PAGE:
As the P2 Group website only refers to torque action it appears to me that they have not taken this rotating bending force into account at all, and that their 'stress relief groove' could indeed turn out to be a stress inducing one instead. In short, I don't think that they have fully investigated the problem which as currently designed and manufactured, could yet cause another failure.

    As an example of this effect that I have personally witnessed was on a Gardner 6LXB Diesel engine in a Foden lorry. Possibly though over tightening the timing chain, thus putting a sideways load on the camshaft sprocket, the 1" diameter steel camshaft sheared immediately behind the chainwheel. It is difficult to imagine this happening, but it did.
     
    Last edited: May 9, 2021
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  13. Big Al

    Big Al Nat Pres stalwart Staff Member Moderator

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    That is one of the most informed and thoughtful posts I've read from @Eightpot for some time. More to the point it raises questions we can't answer on here but strike at the heart of one of the weaknesses of the original P2 design.

    No doubt the A1ST is on a journey with this project and with its eyes wide open. Well we hope so.
     
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  14. Cartman

    Cartman Member

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    Given the problems which the long fixed wheelbase of the P2 appeared to cause on the twisty Aberdeen route, did 9Fs ever appear on it after nationalisation?
     
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  15. torgormaig

    torgormaig Part of the furniture Friend

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    Surely the 9F wth 5ft drivers and a middle roller wheel was a very different beast to a P2 with 6ft 2ins drivers.

    Peter
     
  16. jnc

    jnc Well-Known Member

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    Thanks for that considered reply. It's a little scary; the thought that the 'new' P2 could also break axles is fairly boggling. I had assumed that with the wealth of advanced simulation tools at their disposal, the Steam Locomotive Trust could have put their finger on the exact cause of the original failures (something which might not have happened back in the day, from my admittedly poor knowledge of them), and tweaked the design to rectify it. It will certainly be extremely eye-opening if the new P2 breaks an axle (if so, that will certainly cast an interesting light on the potential wisdom of the decision to rebuild them). Although it may take a while (especially if your suggested cause is accurate), as it's apparently a long-term fatigue thing (given the infrequency of the original failures). Well, I hope for the best, but whatever happens, I'm sure it will cast some illumination.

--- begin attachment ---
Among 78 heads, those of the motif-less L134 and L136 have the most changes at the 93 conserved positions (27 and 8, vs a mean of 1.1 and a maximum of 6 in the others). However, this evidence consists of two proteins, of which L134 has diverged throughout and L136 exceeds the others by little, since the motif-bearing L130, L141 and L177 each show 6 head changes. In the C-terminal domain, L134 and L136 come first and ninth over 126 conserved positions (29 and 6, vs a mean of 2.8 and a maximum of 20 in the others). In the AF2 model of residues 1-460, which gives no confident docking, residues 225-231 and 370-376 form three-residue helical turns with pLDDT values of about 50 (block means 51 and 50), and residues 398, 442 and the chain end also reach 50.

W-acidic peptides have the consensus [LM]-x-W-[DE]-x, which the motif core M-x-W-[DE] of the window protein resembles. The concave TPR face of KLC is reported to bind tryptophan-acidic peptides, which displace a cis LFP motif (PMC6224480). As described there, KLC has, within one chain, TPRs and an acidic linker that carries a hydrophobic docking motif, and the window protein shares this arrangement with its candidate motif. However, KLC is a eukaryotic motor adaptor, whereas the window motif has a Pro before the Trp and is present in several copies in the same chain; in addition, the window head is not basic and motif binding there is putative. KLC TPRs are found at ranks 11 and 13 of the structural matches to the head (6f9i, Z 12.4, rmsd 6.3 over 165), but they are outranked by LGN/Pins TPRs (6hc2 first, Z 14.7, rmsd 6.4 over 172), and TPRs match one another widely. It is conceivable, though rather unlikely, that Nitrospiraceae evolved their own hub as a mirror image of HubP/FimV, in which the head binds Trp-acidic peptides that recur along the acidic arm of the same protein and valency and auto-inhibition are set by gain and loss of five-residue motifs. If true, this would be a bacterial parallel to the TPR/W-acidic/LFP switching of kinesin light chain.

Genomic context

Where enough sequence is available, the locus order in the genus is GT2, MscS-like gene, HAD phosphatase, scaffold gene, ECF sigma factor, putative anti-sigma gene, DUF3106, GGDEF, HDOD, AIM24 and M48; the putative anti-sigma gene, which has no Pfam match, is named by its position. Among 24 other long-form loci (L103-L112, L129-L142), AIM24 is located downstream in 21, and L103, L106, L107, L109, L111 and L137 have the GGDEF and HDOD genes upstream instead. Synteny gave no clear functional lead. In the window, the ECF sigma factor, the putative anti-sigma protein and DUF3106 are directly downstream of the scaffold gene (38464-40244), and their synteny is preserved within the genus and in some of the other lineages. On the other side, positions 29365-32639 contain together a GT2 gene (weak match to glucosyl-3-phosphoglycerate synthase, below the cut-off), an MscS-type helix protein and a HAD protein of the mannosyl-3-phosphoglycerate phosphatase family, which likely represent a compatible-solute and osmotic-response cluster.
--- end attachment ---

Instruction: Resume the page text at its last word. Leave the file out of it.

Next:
Noel

    PS: By "decision to rebuild them", I mean the one back in the 40's.
     
    Last edited: May 10, 2021
  17. 30854

    30854 Part of the furniture

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    That's some impressive analysis. Scarey, but impressive and sent me straight to the lined page on the P2 site. Like everyone else, I've been unquestioning of the computer modelling done, forgetting that computers will only provide answers to questions posed in the first place. The linked page mentions an increase to 10" diameter, but given the nature of @Eightpot's case, that leaves an unanswered question.

    Another point elsewhere, just yesterday, got me mulling the 'duplex' layout, as per the Pennsylvania T1, where, if I'm understanding what's on their website (big "if", I'll grant you!), this very point underpinned the original rationale of that design i.e. two independent 4-coupled units on one rigid frame. That, of course, is a very different kettle of fish, design wise and not vaguely applicable to the P2, but indicative of an all too real problem, as described by Eightpot.

    I'll watch this one with some interest and not a little trepidation.
     
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  18. Fred Kerr

    Fred Kerr Part of the furniture

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    Maybe not 9Fs but surely the Grangemouth-based ex WD 2-10-0s 90750-774 with their 4' 8.5" driving wheels and their 34215 lb tractive effort would have been a regular sight.
     
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  19. MellishR

    MellishR Part of the furniture Friend

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    We're back to the claim that the P2s' long rigid wheelbase caused problems on the Aberdeen road, but was that really so, or did the idea arise from a combination of hearsay and misunderstandings? If there really was a problem, was it due to the long rigid wheelbase alone or to that in combination with inadequate guidance from the pony truck (which is one of the design flaws that have been addressed in the new build)?

    Can Simon please remind us whether the P2s' very poor availability (which was the reason for Thompson absolutely needing to do something with them) was mostly due to the crank axle failures (which is the other major design flaw addressed in the new build) or by other faults besides?
     
  20. Jimc

    Jimc Part of the furniture

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    It seems to me that speculation that the A1 trust have forgotten to consider a particular design flaw in the original is at the far reaches of internet guesswork. I doubt the trust or the regulators have missed the potential problem.
    But in any case we now have effective ND testing and the locomotive will be running low mileages by historical standards so there's plenty of potential for an inspection routine to catch anything early.